The Proper Study of Mankind

Durga Chew-Bose, Adam Gopnik, Andrew O'Hagan

The Proper Study of Mankind

Moderator: Charles Foran

Event Number: 64
Tickets: $20.00

The Proper Study of Mankind

Durga Chew-Bose, Adam Gopnik, Andrew O'Hagan

Friday, October 20
6:00pm - 7:15pm
Waterfront Theatre

1412 Cartwright St.

In his An Essay on Man, Alexander Pope wrote that “the proper study of mankind is man.” Three hundred years later we’re still studying ourselves by way of the essay, an art that, at its best, starts with the personal and makes us see the world in new ways. Adam Gopnik, three-time winner of the National Magazine Award for his essays, says they are “the chief vehicles of ideas and emotions from one person to another.” Durga Chew-Bose, searching for a clearer understanding of who we are and where we live, mines her own life as a first-generation Canadian for clues in her essay collection. Andrew O’Hagan’s essays focus on the political sphere, examining three personalities of the digital age, one of whom is his own online creation.

Sold Out

Event Participants:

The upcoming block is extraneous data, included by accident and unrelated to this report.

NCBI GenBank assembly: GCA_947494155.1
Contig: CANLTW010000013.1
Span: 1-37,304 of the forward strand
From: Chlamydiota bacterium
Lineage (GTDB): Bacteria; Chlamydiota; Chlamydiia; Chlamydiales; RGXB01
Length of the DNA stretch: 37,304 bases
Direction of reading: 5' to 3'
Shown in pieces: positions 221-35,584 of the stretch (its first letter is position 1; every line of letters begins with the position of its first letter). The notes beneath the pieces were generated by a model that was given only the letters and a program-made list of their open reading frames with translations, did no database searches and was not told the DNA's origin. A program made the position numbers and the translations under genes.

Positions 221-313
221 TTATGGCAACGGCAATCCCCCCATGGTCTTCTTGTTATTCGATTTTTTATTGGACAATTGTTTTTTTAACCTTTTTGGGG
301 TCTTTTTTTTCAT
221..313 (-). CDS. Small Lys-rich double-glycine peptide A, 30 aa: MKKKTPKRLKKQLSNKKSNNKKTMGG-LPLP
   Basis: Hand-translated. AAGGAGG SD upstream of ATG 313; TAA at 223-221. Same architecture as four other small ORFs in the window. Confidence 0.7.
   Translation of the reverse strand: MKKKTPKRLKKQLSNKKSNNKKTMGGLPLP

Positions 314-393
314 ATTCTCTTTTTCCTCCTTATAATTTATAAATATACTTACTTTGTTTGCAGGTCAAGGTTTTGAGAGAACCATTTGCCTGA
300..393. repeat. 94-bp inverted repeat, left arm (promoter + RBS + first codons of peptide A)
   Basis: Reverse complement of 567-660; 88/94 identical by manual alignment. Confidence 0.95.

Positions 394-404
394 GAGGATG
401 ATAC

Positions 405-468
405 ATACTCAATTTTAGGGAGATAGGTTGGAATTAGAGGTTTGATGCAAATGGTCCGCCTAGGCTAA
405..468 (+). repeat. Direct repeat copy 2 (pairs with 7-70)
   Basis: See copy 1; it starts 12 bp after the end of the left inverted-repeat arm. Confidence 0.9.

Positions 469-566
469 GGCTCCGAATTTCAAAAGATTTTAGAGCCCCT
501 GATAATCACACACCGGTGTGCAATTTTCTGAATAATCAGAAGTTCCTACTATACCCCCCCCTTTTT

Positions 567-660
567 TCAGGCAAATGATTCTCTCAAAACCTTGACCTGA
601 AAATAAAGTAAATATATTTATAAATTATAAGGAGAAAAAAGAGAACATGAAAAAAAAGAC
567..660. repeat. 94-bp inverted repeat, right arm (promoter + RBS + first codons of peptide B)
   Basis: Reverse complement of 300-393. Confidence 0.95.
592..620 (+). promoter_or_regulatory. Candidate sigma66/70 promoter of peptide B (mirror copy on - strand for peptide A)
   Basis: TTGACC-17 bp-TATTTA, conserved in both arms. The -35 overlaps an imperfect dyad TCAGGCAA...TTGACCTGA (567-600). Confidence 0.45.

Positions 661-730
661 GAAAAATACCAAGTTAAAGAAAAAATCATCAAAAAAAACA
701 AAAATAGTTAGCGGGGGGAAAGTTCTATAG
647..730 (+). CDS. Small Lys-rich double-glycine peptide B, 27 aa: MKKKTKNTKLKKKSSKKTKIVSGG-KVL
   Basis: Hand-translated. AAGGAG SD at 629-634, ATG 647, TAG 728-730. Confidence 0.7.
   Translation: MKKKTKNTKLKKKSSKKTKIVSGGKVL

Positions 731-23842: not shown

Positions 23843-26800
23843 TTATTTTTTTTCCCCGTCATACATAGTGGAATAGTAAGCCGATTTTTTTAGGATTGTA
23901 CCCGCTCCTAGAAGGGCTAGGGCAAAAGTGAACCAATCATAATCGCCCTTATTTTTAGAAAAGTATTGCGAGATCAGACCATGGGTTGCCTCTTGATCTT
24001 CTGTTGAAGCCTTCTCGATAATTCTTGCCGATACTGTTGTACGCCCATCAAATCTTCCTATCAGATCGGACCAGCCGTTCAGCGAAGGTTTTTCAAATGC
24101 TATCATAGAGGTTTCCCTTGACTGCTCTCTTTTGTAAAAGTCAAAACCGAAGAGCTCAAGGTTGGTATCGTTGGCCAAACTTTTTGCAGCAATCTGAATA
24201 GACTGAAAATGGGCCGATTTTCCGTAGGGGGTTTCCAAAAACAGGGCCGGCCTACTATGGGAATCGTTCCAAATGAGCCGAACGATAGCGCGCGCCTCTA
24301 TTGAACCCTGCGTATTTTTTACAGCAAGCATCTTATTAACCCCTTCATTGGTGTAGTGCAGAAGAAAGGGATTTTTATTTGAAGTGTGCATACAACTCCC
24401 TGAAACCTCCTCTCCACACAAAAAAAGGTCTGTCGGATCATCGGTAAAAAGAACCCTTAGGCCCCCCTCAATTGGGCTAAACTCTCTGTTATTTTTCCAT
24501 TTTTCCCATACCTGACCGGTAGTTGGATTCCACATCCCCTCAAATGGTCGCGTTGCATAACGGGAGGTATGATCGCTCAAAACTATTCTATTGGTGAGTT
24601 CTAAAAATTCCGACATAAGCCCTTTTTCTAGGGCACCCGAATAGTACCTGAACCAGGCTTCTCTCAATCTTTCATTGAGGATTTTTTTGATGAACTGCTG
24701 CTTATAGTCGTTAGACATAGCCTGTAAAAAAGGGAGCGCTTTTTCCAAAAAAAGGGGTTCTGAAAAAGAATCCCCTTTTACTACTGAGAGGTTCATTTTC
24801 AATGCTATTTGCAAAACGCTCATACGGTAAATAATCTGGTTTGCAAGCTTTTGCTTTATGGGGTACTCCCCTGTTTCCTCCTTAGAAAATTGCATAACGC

Durga Chew-Bose


Durga Chew-Bose’s  writing has appeared in Hazlitt, the Guardian and The Globe and Mail. Her debut collection of essays, Too Much and Not the Mood takes its title from a diary entry of Virginia Woolf’s to describe her issues with satisfying audiences and embodies Chew-Bose’s guiding theme, namely, what is worth writing? It was called “transcendent and grounding” by The Globe and Mail.


Adam Gopnik

United States

Adam Gopnik is a renowned writer and essayist. He has been writing for The New Yorker since 1986, where he has contributed numerous non-fiction, fiction, memoir and criticism pieces. Beyond this, he has written children’s books, edited anthologies, and engaged in many musical projects as a lyricist and libretto writer. He was selected by the CBC to deliver the fiftieth anniversary Massey Lectures and has lectured in almost every major American city. At the Strangers’ Gate is Gopnik’s vivid memoir of his move to New York in the 1980s.


Andrew O’Hagan


Andrew O’Hagan is a highly-regarded novelist and non-fiction author. His works often focuses on issues in contemporary Britain and its role as a global player. His novels have been translated into 15 languages. His essays and stories have appeared in The New York Review of Books, Granta, The Guardian and The New Yorker. He is also an Editor at Esquire, London Review of Books and a critic for T: The New York Times Style Magazine. The Secret Life: Three True Stories of the Digital Age discusses three men who have used technology to reform and change the world around them.